Figure 1

With the network no longer active, a quick resistance check saw the magic 60Ω you would expect to see from two 120Ω resistors in parallel (Fig.1).

Next on the list was to try and catch the fault in action. For this, I used PicoScope’s ability to capture against time and, hopefully, catch the point when the fault occurs. I didn’t strictly follow the CAN diagnosis tests in this situation, as I wasn’t dealing with a typical fault, although the first stages of verifying the integrity of the signal remain. The new guided test on how to test the CAN Bus physical layer, is available by clicking here.

Capturing the fault

Moving on, I wanted to extend the time to allow for more data on the screen. I’ve used 2ms/div, which gives me more time in total, but also allows me to maintain enough detail to decode on.

If you’ve followed any of Pico’s previous case studies, you will often hear us talk about using math channels to aid with CAN diagnosis. We utilised the inbuilt math of A+B and A-B to get a better understanding of the network, and to decode the signals in the same way the controllers did. It also helped to show us the resilience of CAN and how even with interference, the messages still got through without being affected. You can find the Math Channels by clicking Tools > Math Channels. A dialogue box will open where you can select the inbuilt Math channels.

Figure 2

As you can see (Fig.2), I’ve zoomed in on three messages. CAN H is on Channel A, CAN L is on Channel B and underneath, we have one result of adding CAN H to CAN L, and also one where CAN L has been subtracted from CAN H. You will notice that there is some interference on the CAN lines. It is picked up quite clearly in packet one on the A+B channel, but when you subtract them the way the CAN controller does, any interference that was there no longer exists, proving the CAN’s fault tolerance.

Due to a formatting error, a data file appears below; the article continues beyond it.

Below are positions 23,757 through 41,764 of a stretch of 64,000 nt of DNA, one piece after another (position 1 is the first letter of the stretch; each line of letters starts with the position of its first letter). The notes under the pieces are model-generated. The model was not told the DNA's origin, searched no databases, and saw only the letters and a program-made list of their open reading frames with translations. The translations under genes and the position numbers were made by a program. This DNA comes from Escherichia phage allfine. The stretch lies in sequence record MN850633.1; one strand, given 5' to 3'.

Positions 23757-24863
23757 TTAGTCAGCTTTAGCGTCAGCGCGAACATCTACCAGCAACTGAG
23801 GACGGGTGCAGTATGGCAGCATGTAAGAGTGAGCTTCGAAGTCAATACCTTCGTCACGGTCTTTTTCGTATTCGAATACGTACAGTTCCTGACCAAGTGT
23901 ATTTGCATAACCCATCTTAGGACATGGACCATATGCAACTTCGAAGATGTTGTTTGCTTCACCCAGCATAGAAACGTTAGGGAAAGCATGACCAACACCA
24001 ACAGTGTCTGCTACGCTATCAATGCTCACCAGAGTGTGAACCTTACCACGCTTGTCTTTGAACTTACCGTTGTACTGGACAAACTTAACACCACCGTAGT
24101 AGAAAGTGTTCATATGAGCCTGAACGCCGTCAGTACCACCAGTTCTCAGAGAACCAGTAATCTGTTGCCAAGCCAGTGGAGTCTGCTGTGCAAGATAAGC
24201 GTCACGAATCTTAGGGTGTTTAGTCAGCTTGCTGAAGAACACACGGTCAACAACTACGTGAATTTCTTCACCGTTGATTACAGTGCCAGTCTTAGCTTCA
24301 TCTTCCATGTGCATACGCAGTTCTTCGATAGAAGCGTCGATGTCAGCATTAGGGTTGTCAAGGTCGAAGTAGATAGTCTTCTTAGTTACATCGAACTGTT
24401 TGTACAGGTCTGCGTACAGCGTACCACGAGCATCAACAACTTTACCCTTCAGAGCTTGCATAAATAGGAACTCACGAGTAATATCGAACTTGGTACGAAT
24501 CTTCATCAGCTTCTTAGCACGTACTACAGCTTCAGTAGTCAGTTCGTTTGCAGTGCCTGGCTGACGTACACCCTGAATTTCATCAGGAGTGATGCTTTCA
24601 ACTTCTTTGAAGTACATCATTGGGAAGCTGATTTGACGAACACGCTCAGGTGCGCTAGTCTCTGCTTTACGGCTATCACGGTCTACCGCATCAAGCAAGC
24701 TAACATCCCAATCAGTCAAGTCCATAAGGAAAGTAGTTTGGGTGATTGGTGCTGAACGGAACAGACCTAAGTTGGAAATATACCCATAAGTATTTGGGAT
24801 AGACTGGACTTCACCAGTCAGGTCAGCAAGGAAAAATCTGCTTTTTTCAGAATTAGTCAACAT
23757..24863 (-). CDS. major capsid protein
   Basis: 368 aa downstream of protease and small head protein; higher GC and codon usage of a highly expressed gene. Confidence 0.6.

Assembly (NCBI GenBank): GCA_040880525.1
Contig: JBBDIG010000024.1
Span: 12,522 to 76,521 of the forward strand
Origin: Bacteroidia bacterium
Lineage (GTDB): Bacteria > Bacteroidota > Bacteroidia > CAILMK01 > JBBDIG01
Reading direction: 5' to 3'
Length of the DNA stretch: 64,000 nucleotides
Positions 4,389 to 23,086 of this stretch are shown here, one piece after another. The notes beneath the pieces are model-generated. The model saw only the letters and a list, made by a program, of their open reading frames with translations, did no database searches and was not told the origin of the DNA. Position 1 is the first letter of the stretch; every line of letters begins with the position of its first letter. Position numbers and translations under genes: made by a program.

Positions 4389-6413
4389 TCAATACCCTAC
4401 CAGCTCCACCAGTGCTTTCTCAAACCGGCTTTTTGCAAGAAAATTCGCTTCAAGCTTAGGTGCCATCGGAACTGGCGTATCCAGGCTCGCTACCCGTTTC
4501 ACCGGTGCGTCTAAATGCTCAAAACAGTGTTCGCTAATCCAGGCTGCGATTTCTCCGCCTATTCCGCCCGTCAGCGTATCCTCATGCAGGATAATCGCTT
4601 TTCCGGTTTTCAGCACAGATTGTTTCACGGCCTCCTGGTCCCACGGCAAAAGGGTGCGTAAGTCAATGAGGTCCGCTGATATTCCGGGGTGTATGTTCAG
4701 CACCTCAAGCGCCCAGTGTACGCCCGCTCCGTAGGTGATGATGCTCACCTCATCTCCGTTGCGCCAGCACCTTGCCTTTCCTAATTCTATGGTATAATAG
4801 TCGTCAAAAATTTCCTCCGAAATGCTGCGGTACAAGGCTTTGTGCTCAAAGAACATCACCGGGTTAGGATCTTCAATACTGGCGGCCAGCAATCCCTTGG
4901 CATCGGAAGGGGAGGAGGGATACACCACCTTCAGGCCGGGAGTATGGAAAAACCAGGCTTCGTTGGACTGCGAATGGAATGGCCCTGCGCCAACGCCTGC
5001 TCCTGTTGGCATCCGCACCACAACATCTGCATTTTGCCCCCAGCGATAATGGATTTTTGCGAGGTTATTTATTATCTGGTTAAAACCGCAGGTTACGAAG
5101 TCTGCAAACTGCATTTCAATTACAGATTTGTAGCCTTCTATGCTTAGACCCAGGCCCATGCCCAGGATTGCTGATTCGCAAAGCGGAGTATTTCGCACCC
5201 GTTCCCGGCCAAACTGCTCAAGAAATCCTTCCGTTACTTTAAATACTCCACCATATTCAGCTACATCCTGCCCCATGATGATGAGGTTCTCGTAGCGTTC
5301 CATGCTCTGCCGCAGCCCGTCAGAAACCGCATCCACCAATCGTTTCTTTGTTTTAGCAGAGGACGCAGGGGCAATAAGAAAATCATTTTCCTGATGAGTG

Something else I’ve noticed, having looked at a few HGV and off-highway vehicles, is that the networks allow for a lot more interference. Normally with cars, when you add CAN H to CAN L, you end up with a very straight line at 5V (2.5V+2.5V= 5V and 3.5V +1.5V= 5V.) With trucks, there always seems to be an allowable deviation of the 5V. It’s never a huge amount, but can be up to 0.4V. However, when we look at the physical layer, A-B, everything is very even and allows us to use the inbuilt serial decode tool.

A question I often get asked is what the spikes at the end of each byte are, and is this something to be concerned about? The spikes, or ringing, can be down to a number of factors, but they are most often down to a limitation of the test leads. In order to eliminate these, it is advisable to use the 60MHz scope probe, which will give a much cleaner signal. There are differences between the two leads. However, providing we know the limitations and are happy that what we are seeing is acceptable, we can continue with the testing.

Figure 3

After running the truck back up to temperature, I started to experience the fault, with a slight hesitation, before the engine suddenly stopped – just as the customer had described. Leaving the scope to continue capturing after the event meant we had both pre- and post-data to look at (Fig.3).

What I saw was complete network silence for two buffers, which totalled at 40ms, before a single packet could be seen along with further silence. What I noticed, is that there was significantly less CAN traffic on the network. So, what now?

Keep an eye out for the September issue of CVW to see how Ben solves this DAF dilemma.

For more information, click here.